Which size do you need? It just depends on what you want to do with it. This will also affect things like resolution, price, and quality. If you just want a step up from your smaller laptop screen, I would go with a simple 24-inch monitor.
You should also, if you can, track down your laptop's maximum output where resolution is concerned. If you have a $200 laptop, the image it can send to a 32-inch monitor with 4K resolution might not actually look very good.
The size/resolution "debate" is not one that I will claim to have finished or solved, but it is a common discussion in the realm of both TVs and computer monitors. In any case, resolution refers to the amount of pixels in the screen. The key thing to understand about resolution is that screens of the same size can have different resolutions.
Let's assume you are considering a 27-inch computer monitor. I'm of the opinion that many resolutions aren't high enough to look good on a 27-inch monitor. I once had a 27-inch monitor with 1080p (full HD) resolution, which meant 1,920 x 1,080 pixels.
However, by that same logic, you probably don't need 4K resolution on a 24-inch monitor if all you're doing is browsing the web or using it at work. If you take "24 inches at 1080p" as a kind of soft baseline for resolution to screen size that's good enough, it's easier to reason out the affects of sliding up or down in terms of resolution versus the same screen size.
4K: So called because it's 3,840 x 2,160 pixels, 4K resolution is the next major step up. Both 4K and 1080p describe a "16:9" aspect ratio, so the screens look the same (same as TVs), but 4K resolution gives you twice the horizontal and vertical pictures. For most general purposes, even gaming, you probably don't need to pair a 4K monitor with something like a laptop. While some gaming laptops and Apple Macbooks have the power to "drive" a 4K monitor, most don't.
TN: This means "twisted nematic." These are the cheapest panels, and they tend to have the worst color and contrast but the fastest response time. These are often used in smaller, speed-focused eSports and competitive gaming monitors.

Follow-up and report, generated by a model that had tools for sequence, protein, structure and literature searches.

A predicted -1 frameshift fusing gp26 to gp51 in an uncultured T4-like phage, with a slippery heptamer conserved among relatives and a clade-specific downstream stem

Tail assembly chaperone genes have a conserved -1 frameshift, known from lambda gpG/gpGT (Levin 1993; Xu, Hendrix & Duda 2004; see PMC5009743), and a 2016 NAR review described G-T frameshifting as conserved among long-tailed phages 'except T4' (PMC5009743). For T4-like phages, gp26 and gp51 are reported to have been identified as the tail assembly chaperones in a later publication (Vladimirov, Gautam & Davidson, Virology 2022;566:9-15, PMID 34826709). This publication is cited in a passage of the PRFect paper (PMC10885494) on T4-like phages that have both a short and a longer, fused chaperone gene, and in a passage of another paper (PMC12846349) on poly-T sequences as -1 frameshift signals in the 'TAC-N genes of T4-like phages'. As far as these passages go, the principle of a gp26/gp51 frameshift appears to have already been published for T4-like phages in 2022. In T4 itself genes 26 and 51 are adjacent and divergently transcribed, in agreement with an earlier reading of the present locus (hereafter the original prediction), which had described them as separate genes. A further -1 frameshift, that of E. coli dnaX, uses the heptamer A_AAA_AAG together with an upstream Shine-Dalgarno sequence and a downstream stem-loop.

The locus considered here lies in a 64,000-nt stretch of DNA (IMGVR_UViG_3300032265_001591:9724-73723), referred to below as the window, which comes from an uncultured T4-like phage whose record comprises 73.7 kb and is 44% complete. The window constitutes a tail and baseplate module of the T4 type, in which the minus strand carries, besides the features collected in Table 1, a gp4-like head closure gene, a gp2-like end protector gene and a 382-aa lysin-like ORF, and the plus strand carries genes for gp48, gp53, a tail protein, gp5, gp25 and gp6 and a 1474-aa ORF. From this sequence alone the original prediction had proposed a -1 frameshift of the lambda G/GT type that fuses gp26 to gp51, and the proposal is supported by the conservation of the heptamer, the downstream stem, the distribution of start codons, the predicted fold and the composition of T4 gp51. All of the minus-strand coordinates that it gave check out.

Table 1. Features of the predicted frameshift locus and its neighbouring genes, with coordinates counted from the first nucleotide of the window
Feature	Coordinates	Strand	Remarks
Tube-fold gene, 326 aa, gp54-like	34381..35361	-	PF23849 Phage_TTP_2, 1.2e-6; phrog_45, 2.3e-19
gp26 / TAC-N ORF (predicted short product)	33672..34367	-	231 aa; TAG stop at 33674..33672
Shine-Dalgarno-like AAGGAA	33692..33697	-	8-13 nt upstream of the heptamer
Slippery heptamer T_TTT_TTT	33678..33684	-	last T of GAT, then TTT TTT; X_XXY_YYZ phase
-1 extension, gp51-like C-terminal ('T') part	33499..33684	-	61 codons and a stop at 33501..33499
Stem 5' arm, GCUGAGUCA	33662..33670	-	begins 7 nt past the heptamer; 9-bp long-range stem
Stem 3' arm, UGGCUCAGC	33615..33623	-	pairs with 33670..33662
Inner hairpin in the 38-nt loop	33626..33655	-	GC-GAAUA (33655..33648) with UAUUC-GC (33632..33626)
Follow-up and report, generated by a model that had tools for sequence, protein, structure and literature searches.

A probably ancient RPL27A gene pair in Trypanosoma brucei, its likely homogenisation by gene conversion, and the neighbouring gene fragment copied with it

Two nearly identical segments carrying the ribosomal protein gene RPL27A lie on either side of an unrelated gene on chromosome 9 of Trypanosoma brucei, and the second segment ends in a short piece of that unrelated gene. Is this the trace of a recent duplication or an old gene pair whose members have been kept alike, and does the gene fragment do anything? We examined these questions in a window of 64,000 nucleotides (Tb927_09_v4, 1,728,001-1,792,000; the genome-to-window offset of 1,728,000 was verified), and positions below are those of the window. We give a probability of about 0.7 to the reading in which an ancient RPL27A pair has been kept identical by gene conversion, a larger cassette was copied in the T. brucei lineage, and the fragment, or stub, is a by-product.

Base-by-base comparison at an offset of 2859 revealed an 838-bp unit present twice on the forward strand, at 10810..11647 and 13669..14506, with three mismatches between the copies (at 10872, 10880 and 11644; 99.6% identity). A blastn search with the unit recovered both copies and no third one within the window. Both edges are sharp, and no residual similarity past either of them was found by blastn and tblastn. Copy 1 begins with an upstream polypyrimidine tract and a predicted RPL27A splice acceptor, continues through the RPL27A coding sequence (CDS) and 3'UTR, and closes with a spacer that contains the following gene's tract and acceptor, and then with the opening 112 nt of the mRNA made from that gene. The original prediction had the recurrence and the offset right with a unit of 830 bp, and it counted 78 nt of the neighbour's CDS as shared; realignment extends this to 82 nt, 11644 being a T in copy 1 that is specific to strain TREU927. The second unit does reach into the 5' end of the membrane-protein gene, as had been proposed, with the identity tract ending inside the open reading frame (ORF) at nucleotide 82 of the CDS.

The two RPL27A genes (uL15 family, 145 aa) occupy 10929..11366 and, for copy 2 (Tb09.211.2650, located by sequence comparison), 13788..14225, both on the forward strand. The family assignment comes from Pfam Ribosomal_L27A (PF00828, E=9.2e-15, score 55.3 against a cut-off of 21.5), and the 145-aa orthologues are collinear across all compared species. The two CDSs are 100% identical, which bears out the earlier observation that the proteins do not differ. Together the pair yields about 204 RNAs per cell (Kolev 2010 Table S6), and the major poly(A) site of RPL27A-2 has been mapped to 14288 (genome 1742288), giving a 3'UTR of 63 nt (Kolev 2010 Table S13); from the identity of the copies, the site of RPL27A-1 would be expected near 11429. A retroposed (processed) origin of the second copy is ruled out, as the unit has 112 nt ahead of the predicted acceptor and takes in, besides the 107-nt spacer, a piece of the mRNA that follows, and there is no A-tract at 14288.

If you're buying the monitor for everyday use, you probably don't need to spring for IPS. Also, if you want deep contrast for the occasional movie, you should go with VA instead. However, if you're using the monitor for graphic design purposes or want a flexible stand or articulating mount and need the best viewing angles, IPS is a better choice.
What can we figure out from this? Tons! This monitor is only $90, which explains why hundreds of people have bought it. It's 21.5 inches, which is definitely on the small side as monitors go, but if you're working with laptops in the 11/13/15 inch screen size range, 21 inches is still a big step up.
Right in the image, it says it's an IPS panel. While I wouldn't use a monitor this small to watch TV/movie content or play video games (personally), plenty of people would. Even with the shallow contrast, the bigger size and higher brightness are going to be a big step up from your laptop.
I have to be honest: I didn't know what was going to pop up when I searched Amazon, and now I kind of want to buy this monitor. It's small but not tiny; has enough resolution for its size without over- or under-serving on pixel count; tilts and is almost bezel-free; and most importantly, has an IPS panel, which will give you a bright, pleasing image most of the time.
If I needed a monitor right now, I'd probably buy this one. Like most people, I don't have $90 just sitting around, but getting a 22-inch Full HD IPS-equipped computer monitor for that price is an awesome value.
DVI: The white one. This is video only, but it does support resolutions upwards of 1080p, so it will be fine for most general purposes. Some DVI cables support 4K, and some even transmit audio, but the one included with your monitor will be a basic one.
While there's no way to protect yourself entirely from overpaying or missing out on a feature you end up needing, knowing a bit about how you'll use your new computer monitor can be enough to help determine what size, resolution, panel type, and so on you might want or need.
Formerly known as video display units (VDUs), the earliest monitors first implemented lights for computer engineers to be able to monitor the power state of their components and know whether their devices were working properly or not. As technology has advanced, computer monitors have come a long way in relation to what they can display and how they go about doing so.
To put it simply, the monitor you need to purchase is reliant on what you will mainly be using your computer for, and this can be broken down into three overarching categories: general/business use, professional visuals, and gaming. Not every monitor is created equal, as certain physical features and integrated technologies on a certain product may provide the best results for running gaming applications as opposed to office tools or professional graphic-design/video-editing programs. 781b155fdc